1. Ability to track gross margins with current systems


  2. Gross margins can be measured at a territory level


  3. Corporate strategy needs to have specific margin goals that are known to employees


  4. Solution-specific profitability information is shared with the sales team


  5. Product & Sales strategy is aligned and the responsibility is shared across the organization


Now that these questions have been addressed, you can move on to building out the structure of the plan. It is important to know the implications of a Margin Based Compensation Plan to ensure your organization is both ready and aligned to this idea. A plan focused on margins adds a level of complexity to your organization around metrics and targeted customers.


With a Margin Based Compensation plan, the sales reps needs to know where they stand with margin % after each transaction. This is where a Sales Operations leader role becomes crucial.  The Sales Operations leader needs to be able to visualize these numbers to provide reporting on metrics at both a rep level and executive level to ensure there is alignment on the company’s strategy.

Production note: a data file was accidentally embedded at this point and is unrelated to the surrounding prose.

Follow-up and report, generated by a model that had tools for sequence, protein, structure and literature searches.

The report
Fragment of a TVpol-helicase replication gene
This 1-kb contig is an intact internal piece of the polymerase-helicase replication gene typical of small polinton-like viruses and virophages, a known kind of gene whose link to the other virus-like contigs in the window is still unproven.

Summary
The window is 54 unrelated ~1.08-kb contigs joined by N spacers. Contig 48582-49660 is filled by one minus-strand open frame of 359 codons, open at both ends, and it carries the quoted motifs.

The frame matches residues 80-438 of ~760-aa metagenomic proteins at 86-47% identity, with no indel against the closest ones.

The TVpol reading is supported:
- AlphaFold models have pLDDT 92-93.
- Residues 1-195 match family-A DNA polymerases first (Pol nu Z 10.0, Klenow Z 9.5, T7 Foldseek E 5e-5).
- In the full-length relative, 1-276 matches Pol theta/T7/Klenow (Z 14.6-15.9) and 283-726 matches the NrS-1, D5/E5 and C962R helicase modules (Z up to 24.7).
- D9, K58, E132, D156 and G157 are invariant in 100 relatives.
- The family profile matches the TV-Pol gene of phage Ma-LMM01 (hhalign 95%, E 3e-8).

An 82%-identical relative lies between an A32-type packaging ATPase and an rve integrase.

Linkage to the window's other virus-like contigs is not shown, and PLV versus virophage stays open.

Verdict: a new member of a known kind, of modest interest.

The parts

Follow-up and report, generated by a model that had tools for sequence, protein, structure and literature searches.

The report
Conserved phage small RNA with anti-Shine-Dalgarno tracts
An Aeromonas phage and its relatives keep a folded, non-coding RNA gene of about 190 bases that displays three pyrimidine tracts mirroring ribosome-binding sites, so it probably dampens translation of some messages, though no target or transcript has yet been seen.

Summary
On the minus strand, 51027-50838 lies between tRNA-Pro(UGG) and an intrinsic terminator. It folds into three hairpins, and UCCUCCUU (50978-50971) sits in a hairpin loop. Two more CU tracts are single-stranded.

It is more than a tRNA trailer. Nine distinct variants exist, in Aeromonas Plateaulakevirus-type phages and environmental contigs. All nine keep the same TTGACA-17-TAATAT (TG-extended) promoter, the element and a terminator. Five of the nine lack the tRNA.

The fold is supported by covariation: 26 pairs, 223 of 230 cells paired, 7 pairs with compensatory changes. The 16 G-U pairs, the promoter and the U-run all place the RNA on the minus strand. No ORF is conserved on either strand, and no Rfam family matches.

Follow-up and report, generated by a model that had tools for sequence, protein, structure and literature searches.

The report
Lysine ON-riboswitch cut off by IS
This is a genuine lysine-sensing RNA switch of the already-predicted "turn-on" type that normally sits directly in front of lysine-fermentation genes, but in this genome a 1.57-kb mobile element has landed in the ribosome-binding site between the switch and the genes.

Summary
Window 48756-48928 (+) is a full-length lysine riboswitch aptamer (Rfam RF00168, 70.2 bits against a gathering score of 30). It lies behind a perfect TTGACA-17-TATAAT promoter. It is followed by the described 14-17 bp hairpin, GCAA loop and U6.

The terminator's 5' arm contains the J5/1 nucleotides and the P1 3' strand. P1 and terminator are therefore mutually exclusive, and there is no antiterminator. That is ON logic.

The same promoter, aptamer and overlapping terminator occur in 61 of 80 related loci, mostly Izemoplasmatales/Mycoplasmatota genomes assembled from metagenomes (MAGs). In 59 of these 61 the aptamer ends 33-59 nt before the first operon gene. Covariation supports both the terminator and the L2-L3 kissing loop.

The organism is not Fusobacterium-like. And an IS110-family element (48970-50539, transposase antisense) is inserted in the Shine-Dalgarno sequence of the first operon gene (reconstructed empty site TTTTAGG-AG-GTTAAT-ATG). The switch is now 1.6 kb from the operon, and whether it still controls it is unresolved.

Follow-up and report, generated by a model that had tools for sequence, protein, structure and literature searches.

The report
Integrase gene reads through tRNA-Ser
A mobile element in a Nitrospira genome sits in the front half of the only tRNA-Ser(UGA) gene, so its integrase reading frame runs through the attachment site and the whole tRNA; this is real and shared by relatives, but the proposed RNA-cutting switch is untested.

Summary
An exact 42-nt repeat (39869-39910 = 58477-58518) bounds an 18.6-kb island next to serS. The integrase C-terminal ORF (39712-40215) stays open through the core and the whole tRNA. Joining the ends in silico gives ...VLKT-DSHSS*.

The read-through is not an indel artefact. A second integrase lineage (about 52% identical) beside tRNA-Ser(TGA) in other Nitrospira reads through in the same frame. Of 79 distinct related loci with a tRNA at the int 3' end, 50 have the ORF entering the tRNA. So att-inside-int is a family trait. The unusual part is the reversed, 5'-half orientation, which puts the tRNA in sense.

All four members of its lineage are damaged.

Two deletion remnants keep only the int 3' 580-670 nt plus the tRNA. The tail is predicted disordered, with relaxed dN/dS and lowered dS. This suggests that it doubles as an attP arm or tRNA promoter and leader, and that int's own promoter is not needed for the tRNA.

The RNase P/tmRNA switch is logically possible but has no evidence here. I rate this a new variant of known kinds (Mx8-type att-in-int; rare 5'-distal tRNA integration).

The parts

Another implication to a Margin Based Compensation plan is it encourages the sales of products with higher margins.  With this plan implemented, a sales rep will not go after the biggest deal, they will go after the most profitable deal. A sales rep will be incentivized to go after a lower dollar deal with a higher margin % versus the higher value, more complex deal. This implication is important to understand to ensure both your business and sales strategies are aligned to this behavior.  Sales reps can manipulate the system when the plan is based on margin % and not dollars, so it is important to be cognizant of that as a sales leader.


There are some additional things to keep in mind when designing your plan:


  • Keep it simple: If a plan is overly complex, sales reps can lose focus and get distracted by the excessive administrative workloads. The performance metrics attached to the compensation plan need to support the business objectives. The plan should have a maximum of three metrics to ensure it is simple and easy to track. The margin can be managed outside the compensation plan, but the sales manager will have some responsibility in making sure the rep is not selling at price floor.